Does anyone recognize this problem? There are $2p$ equations and $2p$ unknowns, and it feels like a classic, but I've never encountered it before:

Given $d_1, d_2, \ldots d_p$, find $a_1, a_2, \ldots a_p$ and $n_1, n_2, \ldots n_p$: $$ \left[ \begin{array}{ccc} d_1\\ d_2\\ d_3\\ \vdots\\ d_{2p} \end{array} \right] = \left[ \begin{array}{ccc} a_1, ~a_2, \cdots ~a_p\\ a_1^2, ~a_2^2, \cdots ~a_p^2\\ a_1^3, ~a_2^3, \cdots ~a_p^3\\ \vdots\\ a_1^{2p}, ~a_2^{2p}, \cdots ~a_p^{2p} \end{array} \right] \cdot \left[ \begin{array}{c} n_1\\ n_2\\ \vdots\\ n_p \end{array} \right] $$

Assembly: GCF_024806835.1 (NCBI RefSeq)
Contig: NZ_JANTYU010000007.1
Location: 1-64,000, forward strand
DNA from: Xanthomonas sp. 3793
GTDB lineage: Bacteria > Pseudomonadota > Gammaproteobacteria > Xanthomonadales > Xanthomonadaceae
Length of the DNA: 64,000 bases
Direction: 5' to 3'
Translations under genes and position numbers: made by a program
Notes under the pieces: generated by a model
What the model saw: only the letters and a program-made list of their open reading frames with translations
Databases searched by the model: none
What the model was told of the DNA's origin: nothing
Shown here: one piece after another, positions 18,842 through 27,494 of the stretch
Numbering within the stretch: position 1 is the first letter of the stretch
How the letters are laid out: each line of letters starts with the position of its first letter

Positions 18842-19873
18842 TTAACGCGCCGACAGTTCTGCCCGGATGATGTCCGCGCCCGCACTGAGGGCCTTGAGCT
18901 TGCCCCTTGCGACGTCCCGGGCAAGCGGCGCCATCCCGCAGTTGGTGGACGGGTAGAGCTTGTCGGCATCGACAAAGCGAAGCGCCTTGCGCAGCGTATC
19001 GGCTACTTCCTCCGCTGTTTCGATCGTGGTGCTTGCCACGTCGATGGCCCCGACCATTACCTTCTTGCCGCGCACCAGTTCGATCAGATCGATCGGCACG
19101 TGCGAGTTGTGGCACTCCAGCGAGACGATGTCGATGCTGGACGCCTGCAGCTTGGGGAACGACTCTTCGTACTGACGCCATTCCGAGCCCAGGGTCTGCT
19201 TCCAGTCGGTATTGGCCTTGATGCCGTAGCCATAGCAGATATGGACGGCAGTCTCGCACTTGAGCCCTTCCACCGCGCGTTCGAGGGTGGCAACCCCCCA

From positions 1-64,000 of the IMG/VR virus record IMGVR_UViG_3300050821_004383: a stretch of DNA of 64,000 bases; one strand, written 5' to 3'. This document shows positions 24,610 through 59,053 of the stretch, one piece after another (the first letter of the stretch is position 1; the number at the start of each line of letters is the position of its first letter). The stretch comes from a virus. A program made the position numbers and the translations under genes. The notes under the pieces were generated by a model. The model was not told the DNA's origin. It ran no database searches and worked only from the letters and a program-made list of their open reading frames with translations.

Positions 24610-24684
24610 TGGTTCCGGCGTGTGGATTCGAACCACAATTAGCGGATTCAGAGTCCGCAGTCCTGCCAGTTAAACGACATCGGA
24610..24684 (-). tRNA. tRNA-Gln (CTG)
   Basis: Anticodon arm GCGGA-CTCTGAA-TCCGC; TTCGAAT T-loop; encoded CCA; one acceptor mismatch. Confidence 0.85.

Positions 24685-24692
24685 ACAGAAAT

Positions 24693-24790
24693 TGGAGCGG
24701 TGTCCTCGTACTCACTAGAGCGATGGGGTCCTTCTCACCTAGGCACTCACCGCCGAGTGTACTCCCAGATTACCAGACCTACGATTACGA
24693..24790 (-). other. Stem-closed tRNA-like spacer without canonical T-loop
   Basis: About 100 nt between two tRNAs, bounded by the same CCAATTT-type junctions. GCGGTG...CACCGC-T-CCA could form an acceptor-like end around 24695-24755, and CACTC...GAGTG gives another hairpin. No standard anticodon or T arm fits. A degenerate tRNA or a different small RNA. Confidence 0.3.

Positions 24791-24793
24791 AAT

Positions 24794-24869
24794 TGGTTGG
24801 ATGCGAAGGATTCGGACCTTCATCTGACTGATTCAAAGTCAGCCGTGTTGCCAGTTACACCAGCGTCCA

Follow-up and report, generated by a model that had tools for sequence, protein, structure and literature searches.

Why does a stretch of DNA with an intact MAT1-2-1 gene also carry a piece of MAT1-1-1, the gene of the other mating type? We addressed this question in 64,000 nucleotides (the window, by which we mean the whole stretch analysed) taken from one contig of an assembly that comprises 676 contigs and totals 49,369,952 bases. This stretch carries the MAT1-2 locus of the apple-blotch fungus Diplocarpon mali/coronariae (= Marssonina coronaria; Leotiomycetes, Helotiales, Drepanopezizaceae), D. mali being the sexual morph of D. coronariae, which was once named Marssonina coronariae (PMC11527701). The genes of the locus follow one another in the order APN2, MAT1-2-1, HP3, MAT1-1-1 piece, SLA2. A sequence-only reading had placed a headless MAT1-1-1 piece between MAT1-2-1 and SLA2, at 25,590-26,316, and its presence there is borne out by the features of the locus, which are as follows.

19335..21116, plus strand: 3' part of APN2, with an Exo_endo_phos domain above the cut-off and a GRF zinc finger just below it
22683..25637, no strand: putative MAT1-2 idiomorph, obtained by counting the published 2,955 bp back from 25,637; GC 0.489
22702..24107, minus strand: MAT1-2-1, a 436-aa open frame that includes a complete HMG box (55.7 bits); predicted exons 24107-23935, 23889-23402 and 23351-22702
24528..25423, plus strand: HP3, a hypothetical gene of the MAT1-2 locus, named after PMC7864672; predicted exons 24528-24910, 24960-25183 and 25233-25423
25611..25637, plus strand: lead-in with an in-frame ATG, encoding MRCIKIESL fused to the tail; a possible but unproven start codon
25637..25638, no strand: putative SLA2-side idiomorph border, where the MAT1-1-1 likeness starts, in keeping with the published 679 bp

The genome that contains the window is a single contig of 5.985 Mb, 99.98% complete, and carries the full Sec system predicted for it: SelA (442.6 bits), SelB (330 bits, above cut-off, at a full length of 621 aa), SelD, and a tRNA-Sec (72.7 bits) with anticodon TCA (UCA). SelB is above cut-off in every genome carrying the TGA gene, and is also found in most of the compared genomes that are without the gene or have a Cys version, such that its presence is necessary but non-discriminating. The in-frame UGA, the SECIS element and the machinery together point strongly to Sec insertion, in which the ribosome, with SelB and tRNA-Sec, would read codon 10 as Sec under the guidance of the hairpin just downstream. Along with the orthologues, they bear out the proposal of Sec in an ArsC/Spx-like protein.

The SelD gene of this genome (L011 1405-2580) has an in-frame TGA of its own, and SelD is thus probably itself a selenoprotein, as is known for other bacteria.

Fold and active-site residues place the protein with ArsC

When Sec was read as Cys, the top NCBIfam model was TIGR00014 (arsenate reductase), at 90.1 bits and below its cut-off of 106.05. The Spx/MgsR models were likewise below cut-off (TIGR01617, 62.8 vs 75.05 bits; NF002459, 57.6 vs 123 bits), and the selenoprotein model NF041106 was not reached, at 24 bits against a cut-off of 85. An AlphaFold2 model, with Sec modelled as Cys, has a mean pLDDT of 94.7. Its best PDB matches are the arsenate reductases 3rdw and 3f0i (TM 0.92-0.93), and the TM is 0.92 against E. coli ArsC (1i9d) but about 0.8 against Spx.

(and where $a \succeq 0$ and $n \succeq 0$ and only real values are considered, so wherever there can be positive and negative roots for the values of $a_i$, only the positive roots need be considered).

It seems straightforward to solve with elimination: From the first row, let $a_1 = \frac{d_1-\sum_{i>1} a_i n_i}{n_1}$. Then from the second row, solve for $a_2$ (which will now involve a quadratic, etc.). Because the polynomials get larger, solving it with elimination in this manner can be quite slow (I crashed sage doing this on a fairly small problem).

Has this family of problems been characterized well in the literature and can it be solved efficiently in practice? Even a numerical solution would suffice, as long as it will converge certainly (no multi-start Levenberg-Marquardt, etc.)...